Some people love goals…New Year’s Resolutions? Yep. Career goals and milestones? Love ’em! I’ve always loved the sense of accomplishment even as simple as making a daily to-do post it note list just to I can check it off. I also thrive on recognition and external praise – ready for my yearly review with my boss? I’m prepared! Up for an award? Awesome!
But if you aren’t motivated by the same feeling, hear me out.
Daily, intentional focus can be so helpful. There is so much power in focusing on the outcome instead of just a mental to-do list.
Maybe you like the idea of goals but get frustrated and beat yourself up when you fail to achieve our goal or give up.
Often, I think it is because we get so fired up for change, we bite off more than we can chew. Too many resolutions, priorities, and things to keep up with and it will rob you of motivation.
Your goals may not be too lofty, just too many.
When everything is important, nothing is important.”– Rachel Hollis
You don’t have to do it all to see massive change. Narrowing your focus on one goal and work until it becomes second-nature…habit…success. And when you start to grow in one area, you might be surprised that other areas grow along with it.
So how do you figure out what to focus on first?
I absolutely love Rachel Hollis’ 10,10, 1 practice. Regardless of what you think of her rocky last year in the public eye, I still think her method is rock solid.
Visualization Exercise: The best of me…
Close your eyes and envision who you want to be in 10 years, like a movie in your head. Imagine your best possible life – no limits on it. Don’t listen to the voice in the back telling you to play it safe. Your dreams should light you on fire and make you a little nervous!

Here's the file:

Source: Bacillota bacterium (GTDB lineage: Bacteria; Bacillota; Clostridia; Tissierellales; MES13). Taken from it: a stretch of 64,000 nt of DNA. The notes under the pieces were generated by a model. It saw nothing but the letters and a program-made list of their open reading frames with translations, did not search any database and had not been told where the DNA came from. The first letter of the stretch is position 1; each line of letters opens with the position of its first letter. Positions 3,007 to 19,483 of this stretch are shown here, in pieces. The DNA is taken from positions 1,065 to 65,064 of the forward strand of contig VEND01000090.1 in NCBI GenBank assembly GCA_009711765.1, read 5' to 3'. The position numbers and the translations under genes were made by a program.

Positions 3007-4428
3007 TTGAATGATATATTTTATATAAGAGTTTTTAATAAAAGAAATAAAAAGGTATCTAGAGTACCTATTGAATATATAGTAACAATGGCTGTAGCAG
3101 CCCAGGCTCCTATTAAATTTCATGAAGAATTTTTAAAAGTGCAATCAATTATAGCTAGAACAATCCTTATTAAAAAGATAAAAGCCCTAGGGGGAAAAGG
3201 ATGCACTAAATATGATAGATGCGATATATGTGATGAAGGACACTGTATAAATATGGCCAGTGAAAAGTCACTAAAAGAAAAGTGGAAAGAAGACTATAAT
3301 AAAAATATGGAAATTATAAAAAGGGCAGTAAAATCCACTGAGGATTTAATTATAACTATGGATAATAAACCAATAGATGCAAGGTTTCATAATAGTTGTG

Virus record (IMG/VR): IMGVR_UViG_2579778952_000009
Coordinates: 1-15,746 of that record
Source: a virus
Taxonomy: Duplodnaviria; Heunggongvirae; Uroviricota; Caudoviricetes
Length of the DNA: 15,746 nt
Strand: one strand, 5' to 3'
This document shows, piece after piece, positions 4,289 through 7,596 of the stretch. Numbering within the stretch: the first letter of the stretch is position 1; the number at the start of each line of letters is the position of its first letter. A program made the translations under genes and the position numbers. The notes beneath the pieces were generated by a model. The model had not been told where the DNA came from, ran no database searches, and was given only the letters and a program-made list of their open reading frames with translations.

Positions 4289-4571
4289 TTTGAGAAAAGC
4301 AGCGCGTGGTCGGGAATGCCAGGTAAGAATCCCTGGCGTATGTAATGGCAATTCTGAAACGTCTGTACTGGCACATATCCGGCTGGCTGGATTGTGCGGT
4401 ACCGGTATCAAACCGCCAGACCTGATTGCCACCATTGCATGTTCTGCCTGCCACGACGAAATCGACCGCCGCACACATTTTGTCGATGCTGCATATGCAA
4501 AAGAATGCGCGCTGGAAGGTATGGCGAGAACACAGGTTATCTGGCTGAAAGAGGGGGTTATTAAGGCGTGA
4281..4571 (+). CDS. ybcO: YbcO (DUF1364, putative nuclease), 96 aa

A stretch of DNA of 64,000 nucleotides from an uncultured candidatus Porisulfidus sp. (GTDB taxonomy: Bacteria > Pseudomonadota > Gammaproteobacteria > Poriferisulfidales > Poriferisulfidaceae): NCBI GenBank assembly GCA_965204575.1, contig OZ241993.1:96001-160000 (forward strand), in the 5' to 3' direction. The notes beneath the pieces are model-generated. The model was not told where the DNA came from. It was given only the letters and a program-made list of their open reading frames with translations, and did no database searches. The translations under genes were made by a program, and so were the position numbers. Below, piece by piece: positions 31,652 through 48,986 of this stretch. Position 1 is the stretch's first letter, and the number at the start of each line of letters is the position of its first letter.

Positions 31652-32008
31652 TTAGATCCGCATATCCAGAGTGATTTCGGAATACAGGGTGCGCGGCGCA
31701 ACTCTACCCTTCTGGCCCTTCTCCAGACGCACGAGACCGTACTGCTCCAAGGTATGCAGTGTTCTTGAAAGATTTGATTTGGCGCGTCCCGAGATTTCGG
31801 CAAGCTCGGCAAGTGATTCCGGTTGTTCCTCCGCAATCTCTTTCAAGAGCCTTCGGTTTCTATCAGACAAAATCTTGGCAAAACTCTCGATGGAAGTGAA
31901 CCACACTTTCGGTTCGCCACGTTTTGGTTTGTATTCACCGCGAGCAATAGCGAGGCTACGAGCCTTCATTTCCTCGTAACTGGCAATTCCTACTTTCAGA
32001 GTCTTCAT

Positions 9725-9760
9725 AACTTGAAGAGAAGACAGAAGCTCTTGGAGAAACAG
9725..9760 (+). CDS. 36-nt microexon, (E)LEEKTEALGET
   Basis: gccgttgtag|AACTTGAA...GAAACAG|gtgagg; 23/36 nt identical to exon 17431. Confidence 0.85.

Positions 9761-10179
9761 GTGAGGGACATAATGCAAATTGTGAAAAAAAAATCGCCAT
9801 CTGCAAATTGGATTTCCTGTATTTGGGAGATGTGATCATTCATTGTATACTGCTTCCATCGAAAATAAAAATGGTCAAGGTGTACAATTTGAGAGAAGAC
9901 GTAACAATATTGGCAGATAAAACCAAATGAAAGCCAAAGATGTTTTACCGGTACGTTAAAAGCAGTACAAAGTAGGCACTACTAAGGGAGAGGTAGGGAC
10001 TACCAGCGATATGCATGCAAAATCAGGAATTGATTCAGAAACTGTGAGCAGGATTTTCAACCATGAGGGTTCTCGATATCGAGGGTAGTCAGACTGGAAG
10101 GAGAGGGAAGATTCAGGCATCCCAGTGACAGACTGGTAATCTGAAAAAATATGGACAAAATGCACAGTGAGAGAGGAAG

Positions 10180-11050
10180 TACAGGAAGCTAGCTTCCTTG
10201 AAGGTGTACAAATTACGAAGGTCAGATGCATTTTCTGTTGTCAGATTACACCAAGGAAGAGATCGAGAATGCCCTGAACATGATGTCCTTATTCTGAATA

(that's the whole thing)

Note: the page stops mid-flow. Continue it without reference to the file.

What are you doing? Wearing? Driving? Are you joyful? Energetic? Do you have a home? Kids?
What do you do all day? What do you do for work? Are you a great cook? Love to run? Travel?
Who do you surround yourself with? How do they treat you?
Now open your eyes and jot down or draw all the things you saw in your mind. Don’t worry about being “realistic” – fill up the page!
Now that you know who you want to be, look at that list and what are 10 dreams that would make your vision a reality? A dream is something you obsess over and fantasize will come true. Think what dreams, if they were to come true, would make your future-self real? For example, if you envisioned financial freedom, maybe your dream would be making a six-figure salary or getting completely out of debt.
Some are things you want to achieve, others you can accomplish daily.
I have a million $$ in the bank.
I am a calm & peaceful parent.
Here’s another important piece of the puzzle. Like the examples above, write them as if they’ve already happened. Yep, we’re going to trick our subconscious. It will focus our mind on how to make them real right now instead of just another mental wish list.
What is one thing you can do to get you closer to that 10 year-from-now you the fastest? Which one of the those dreams are you going to turn into a goal and actively pursue first?
A goal is a dream with work boots on.”-Rachel Hollis
If one of your dreams is to get into shape, it becomes a goal when you sign up for a half marathon, join a running club, and start putting in the miles.
And yes it has to be specific and measurable. Turn “I want to do better with my finances” into “I want to save $3000.”
Here’s the twist – don’t set a time limit. It sets a lot of people up for failure. Working on yourself is a lifelong process! What matters in consistency, not perfection.
Start everyday meditating on your one goal. Are you a journal person? Write your dreams down daily. The same 10. Instill in your head where your focus should be. Now you know where your headed and can build your habits around the results you want!